Thursday, July 12, 2007

Genetech's Pipeline

Genetech (DNA) blew past most people's expectations with its Q2 2007 report on July 11th. Pundits feared that a need to add a warning about possible allergic reactions to Xolair, combined with the results of a study saying that a lower dosage of Lucentis may be as effective as the recommended dose, would take the wind out of Genetech's sales. But Xolair sales grew from $111 million in Q1 to $120 million in Q2, and Lucentis sales were only off to $209 million from $211 million in Q1. Overall revenues were up 7% sequentially and an amazing 37% from Q2 2006.

There have also been questions about whether growth can continue without a stronger pipeline. Note that today Genentech's P/E ratio was 33 (per Nasdaq); while typically a company growing revenues at 37% per year would have a higher PE ratio, it still assumes growth will be strong over the next few years. Biotech pipelines are the stuff of long waits: from the beginning of a Phase III trial to first revenues (presuming the drug does not bomb out, which many do) can take years (3 is about the minimum). As to drugs entering Phase I trials, you are looking closer to a decade out.

Genentech, however, has some successful drugs that can generate more revenue through label expansion. Companies often seek very narrow indications for approval, especially of cancer drugs. You don't get approval for "breast cancer;" you get approved for some very narrow subtype of breast cancer, or lung or liver or whatever form of cancer. But once you have that, if it looks like your drug is more broadly applicable, you go back and do trials on closely related indications. In Genentech's case it is seeking label expansion for Herceptin, which is currently approved for "metastatic breast cancer in HER2 overexpressed tumors; as part of a treatment regimen containing doxorubicin, cyclophosphamide, and paclitaxel, for the adjuvant treatment of patients with HER2-positive, node-positive breast cancer." It has completed Phase III trials and has applied to the FDA for approval in "in adjuvant HER2-positive breast cancer," which means in a less specific regimen than the current label. In another Phase III study it was combined with Avastin; and other varieties of Herceptin Phase III studies have been initiated.

Genetech is awaiting FDA action on its submission for Rituxan for Rheumatoid Arthritis (RA) and is preparing a submission for Avastin for first-line metastatic renal cancer and first-line metastatic breast cancer (first line means used as a first therapy; second line means using after a different therapy has failed to halt the progress of the disease). Rituxan already had $582 million in sales in Q2 for the indications it is already approved for.

Such is the size of Genentech's pipeline that this article could become quite a hefty volume if I discussed each pipeline drug in even minimal detail. So instead I will point to a different category: drugs that are not yet generating money for Genentech. These drugs can be anywhere in the clinical trial timeline from Phase I to Phase III. Keep in mind that each phase can take years; ten years from the beginning of a Phase I trial to approval by the FDA is not unusual. Also the field narrows as you go through trial sets; as a general rule you might want four or five candidates entering Phase I to get a single approved, marketable drug.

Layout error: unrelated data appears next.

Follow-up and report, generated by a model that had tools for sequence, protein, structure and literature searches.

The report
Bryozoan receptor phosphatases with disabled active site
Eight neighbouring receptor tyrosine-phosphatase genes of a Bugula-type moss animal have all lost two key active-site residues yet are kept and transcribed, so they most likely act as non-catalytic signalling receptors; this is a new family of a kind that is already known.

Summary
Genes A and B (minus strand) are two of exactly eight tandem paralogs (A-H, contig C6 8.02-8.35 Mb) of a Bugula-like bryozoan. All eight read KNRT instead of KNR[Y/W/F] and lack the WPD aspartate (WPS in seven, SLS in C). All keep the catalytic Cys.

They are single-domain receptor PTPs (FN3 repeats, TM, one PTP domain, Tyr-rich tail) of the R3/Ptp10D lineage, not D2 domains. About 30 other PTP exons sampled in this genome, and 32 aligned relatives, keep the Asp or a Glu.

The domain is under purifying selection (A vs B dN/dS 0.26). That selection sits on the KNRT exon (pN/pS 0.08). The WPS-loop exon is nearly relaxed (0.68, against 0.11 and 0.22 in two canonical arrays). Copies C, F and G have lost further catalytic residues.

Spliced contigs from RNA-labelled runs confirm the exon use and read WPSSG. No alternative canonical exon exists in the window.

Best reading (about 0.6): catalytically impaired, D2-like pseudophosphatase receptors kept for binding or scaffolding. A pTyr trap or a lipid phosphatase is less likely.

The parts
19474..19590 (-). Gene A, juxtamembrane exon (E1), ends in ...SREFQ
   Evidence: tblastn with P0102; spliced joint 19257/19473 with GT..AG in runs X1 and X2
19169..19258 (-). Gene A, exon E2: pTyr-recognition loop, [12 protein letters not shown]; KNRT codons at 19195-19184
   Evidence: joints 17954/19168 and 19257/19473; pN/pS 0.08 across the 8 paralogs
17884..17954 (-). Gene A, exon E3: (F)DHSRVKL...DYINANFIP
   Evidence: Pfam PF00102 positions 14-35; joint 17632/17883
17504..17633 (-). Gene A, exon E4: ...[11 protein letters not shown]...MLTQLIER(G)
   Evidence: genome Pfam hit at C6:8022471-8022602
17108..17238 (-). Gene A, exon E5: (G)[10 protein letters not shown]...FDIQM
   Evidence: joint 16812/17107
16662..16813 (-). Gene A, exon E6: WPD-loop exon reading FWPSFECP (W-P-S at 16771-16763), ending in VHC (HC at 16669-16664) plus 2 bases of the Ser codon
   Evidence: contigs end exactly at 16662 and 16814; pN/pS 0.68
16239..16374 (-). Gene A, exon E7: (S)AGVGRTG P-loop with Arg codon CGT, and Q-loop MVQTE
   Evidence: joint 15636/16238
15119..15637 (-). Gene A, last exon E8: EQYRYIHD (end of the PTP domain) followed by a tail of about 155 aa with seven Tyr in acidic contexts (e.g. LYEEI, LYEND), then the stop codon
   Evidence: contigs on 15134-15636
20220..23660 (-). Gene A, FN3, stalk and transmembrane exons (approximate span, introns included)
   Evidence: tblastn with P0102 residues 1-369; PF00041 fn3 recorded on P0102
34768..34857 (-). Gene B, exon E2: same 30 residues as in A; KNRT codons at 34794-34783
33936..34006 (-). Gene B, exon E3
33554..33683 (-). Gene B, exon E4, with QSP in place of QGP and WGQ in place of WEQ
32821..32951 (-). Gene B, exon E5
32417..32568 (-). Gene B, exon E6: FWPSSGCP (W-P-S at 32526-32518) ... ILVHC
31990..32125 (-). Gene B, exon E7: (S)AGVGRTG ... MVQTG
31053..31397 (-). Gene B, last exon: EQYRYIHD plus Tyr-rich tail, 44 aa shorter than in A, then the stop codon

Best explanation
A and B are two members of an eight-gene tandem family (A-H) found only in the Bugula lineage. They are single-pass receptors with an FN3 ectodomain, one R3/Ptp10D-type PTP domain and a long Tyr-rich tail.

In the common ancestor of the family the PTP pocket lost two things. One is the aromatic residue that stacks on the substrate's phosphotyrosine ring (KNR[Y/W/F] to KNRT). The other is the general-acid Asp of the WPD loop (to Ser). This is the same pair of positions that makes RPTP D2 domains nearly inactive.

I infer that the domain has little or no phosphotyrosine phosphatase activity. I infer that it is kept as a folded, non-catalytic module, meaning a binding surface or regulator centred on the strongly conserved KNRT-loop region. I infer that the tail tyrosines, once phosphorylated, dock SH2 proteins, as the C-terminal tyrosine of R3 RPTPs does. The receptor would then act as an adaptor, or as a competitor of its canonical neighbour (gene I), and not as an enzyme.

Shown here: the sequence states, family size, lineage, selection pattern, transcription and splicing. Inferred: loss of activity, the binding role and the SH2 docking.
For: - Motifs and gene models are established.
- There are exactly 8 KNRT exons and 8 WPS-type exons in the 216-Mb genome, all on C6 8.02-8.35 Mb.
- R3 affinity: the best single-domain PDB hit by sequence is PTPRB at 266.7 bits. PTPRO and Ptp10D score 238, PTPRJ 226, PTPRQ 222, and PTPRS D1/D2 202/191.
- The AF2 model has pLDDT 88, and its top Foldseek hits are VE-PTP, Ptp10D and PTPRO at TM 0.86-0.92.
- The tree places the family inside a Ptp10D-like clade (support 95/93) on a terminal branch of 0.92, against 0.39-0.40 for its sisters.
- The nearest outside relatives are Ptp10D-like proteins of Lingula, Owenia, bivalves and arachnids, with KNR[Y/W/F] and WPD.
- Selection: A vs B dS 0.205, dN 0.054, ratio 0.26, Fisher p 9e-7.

At the top of the list, in Phase III, we have Ocrelizumab, an anti-CD20 humanized monoclonal antibody. What that means is they are hoping to cure diseases caused by the human immune system attacking the human body. Phase III trials in rheumatoid arthritis have started and Phase III trials in lupus nephritis, systemic lupus erythematosus and relapsing remitting multiple sclerosis (yep, that is what the President had in West Wing) are planned.

At the base of the pyramid we have a slew of Phase I candidates. There's a bunch more anti-CD20 drugs. There are drugs for solid tumors, myelomas and lymphomas, anti-IFN apha for lupus, a variety of cancer therapies with strange designations, PARP inhibitor for malignant melanoma, and a systemic Hedgehog antagonist (Hedgehog is ... well, another time).

The picture I am painting here looks like this to me: a varied and in-depth pipeline covering the spectrum from Phase I to Phase III. Lots of earning potential just from adding to the labels of current successes.

So I think the PE ratio of 30 is a bargain. Genentech management plans to continue to invest heavily in R&D. They are also not shy about buying a drug from another company when they think it has potential. They kept saying they are looking for drugs that will be first in class (the first approved for a disease) or best in class (better than anything already on the market).

I don't own Genentech, but covering the company makes me want to buy some stock. Before you make any decision I suggest, at minimum, you read my summary of the Q2 2007 analyst conference that took place July 11th.

More data:

Genentech Investor relations page
Genentech pipeline page
My Biotechnology Investor Research Help page

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